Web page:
Henry is chosen to give his new classmate a tour of their school only this school is like no other. All the while a little dog tags along adding a secondary character to keep tabs on. The students pass by the school pet, some type of ginormous jellyfish whose tank takes up an entire wall, floor to ceiling. The music teacher is an Elvis wannabe and my favorite, the art teacher, is right out of a Picasso painting with one eye above the other. Parents will get an extra kick out of the page if reading with children. The math instructor resembles Einstein and purple tentacled sea monster appears to be wreaking havoc in another room. Surprises lurk behind every door. The janitor’s an Oz-like character and the Principal’s levitating as the students enter her room. The playground treehouse is not to be missed nor is the swamp creature swim coach. What else could there possibly be in such an unusual school where lagoons and dark, winding stairwells are the norm? Kids will want a day at this unbelievable school to see for themselves! 

  • Reviewed by Ronna Mandel

 

 

 

 

 

 

 

Write On, Irving Berlin! by Leslie Kimmelman

 

WRITE ON, IRVING BERLIN!
Written by Leslie Kimmelman
Illustrated by David C. Gardner
(Sleeping Bear Press; $16.99, Ages 6-9)

 

book cover image from Write On, Irving Berlin! by Leslie Kimmelman

 

This quote says it all – 

“Irving Berlin has no place in American music – he is American music.”

— Jerome Kern

It’s been almost 30 years since we lost the brilliant musical talent, Irving Berlin, but his music lives on. In fact, the great news is that we can frequently hear some of his most famous songs throughout the year at sporting events, at Christmastime and in musical revivals across the country. Write On, Irving Berlin! written by Leslie Kimmelman and illustrated by David C. Gardner is billed as a lyrical story of an immigrant and the composition of “God Bless America.” This picture book biography provided the interesting back story of the man behind so many hits including “Alexander’s Ragtime Band”, “Putting On The Ritz”, “White Christmas”, “Oh! How I Hate to Get Up in the Morning” as well as all the wonderful songs from Annie Get Your GunEaster Parade and many others.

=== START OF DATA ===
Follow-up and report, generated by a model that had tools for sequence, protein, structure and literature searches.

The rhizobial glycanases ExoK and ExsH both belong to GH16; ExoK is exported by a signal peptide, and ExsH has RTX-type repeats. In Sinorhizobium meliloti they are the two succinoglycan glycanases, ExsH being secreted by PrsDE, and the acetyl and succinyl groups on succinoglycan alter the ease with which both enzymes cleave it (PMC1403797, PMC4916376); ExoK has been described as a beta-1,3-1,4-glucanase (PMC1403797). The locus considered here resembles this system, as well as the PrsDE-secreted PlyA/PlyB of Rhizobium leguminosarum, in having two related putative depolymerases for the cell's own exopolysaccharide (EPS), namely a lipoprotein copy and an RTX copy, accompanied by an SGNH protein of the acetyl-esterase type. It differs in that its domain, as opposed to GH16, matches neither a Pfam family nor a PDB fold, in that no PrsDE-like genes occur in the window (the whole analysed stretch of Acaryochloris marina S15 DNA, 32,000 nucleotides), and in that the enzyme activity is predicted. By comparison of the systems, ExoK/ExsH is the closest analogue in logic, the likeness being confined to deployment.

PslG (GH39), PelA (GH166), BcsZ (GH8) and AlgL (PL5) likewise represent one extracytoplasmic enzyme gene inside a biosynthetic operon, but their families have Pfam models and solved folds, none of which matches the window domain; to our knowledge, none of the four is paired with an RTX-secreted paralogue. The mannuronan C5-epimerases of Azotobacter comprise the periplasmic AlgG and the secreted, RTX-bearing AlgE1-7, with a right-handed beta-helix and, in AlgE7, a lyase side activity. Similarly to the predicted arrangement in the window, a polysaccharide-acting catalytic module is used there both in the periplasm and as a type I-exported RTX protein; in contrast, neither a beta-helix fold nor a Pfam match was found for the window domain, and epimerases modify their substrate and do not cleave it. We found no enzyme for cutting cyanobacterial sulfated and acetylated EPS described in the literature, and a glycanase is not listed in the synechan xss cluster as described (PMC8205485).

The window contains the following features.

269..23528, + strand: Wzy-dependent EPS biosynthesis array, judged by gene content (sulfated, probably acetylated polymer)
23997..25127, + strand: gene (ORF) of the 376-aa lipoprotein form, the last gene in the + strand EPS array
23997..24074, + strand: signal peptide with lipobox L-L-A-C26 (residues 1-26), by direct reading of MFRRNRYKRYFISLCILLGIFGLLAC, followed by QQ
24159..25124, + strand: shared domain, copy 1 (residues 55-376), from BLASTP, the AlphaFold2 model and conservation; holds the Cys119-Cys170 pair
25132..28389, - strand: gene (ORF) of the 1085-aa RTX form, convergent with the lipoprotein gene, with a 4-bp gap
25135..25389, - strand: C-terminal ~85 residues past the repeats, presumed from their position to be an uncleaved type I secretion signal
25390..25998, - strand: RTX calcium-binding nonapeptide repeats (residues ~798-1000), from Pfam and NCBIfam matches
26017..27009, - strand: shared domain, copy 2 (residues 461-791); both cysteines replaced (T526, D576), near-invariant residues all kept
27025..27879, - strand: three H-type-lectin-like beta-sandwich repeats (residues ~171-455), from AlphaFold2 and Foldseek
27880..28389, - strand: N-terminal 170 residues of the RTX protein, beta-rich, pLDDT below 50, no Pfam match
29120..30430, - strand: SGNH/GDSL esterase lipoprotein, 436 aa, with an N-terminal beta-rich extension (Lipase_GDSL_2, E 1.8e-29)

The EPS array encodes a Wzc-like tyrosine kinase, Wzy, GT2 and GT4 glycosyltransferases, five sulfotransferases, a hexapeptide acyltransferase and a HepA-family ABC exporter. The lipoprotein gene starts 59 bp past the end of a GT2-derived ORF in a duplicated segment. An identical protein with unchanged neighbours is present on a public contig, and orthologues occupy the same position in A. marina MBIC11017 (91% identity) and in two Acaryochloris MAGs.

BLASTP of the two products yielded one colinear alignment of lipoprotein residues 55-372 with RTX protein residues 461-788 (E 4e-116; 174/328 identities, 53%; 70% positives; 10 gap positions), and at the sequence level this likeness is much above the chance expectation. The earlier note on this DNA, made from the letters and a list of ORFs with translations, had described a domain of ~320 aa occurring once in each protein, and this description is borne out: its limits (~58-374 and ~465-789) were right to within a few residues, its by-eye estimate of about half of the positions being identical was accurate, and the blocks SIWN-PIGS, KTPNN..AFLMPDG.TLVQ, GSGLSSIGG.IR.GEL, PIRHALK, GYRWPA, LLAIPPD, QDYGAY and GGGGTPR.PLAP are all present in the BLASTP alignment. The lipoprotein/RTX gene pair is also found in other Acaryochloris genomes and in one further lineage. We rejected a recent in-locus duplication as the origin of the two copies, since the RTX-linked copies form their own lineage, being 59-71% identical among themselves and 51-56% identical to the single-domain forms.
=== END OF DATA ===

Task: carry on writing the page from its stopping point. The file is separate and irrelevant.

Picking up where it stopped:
interior artwork of Israel Isidore Baline arriving in N.Y. from Write On, Irving Berlin!

Interior spread from Write On, Irving Berlin! written by Leslie Kimmelman with illustrations by David C. Gardner, Sleeping Bear Press ©2018.

 

When it became too unsafe to remain in Russia for Jews, five-year-old Israel Isidore Baline and his family traveled by ship to America in 1893 to begin a new life. Thousands of immigrants arrived at Ellis Island in New York with barely anything but memories of their homeland. But at least they were safe and free. In school, Israel went by the name of of Izzy but found it difficult to focus on learning. Music filled his head. That was no surprise. In Russia his father had been a cantor, “standing side by side with rabbis, singing and filing synagogues with beautiful music.”  Sadly, Izzy’s father passed away when the boy was just thirteen. He left school and his family so as not to be an added burden and struck out on his own. What did he do? He sang wherever he could get a paying job. He also wrote song lyrics although he couldn’t read or write music! He actually hummed his tunes and had someone else write down what he created. Pretty impressive I’d say. By this time Izzy was calling himself Irving Berlin and had sold his first song for 37 cents. He found a job at a music publisher and, since ragtime music was all the rage, he wrote Alexander’s Ragtime Band which became “a smash.”

 

interior artwork from Write On, Irving Berlin! pg 14 spread ragtime

Interior spread from Write On, Irving Berlin! written by Leslie Kimmelman with illustrations by David C. Gardner, Sleeping Bear Press ©2018.

 

Soon Irving Berlin married but not long after the wedding, his wife Dorothy became ill and died. He turned to his music to get him through his grief, still grateful for all that his new country had given him. During WWI Berlin was drafted into the army where he wrote songs to lift the spirits of his fellow soldiers. After that he found love again with Ellin and wrote the song “Always” for her. One hit followed another and Berlin’s popularity grew. He seemed to live and breathe music and wrote songs at any time of the day or night and in any place, including the bathtub!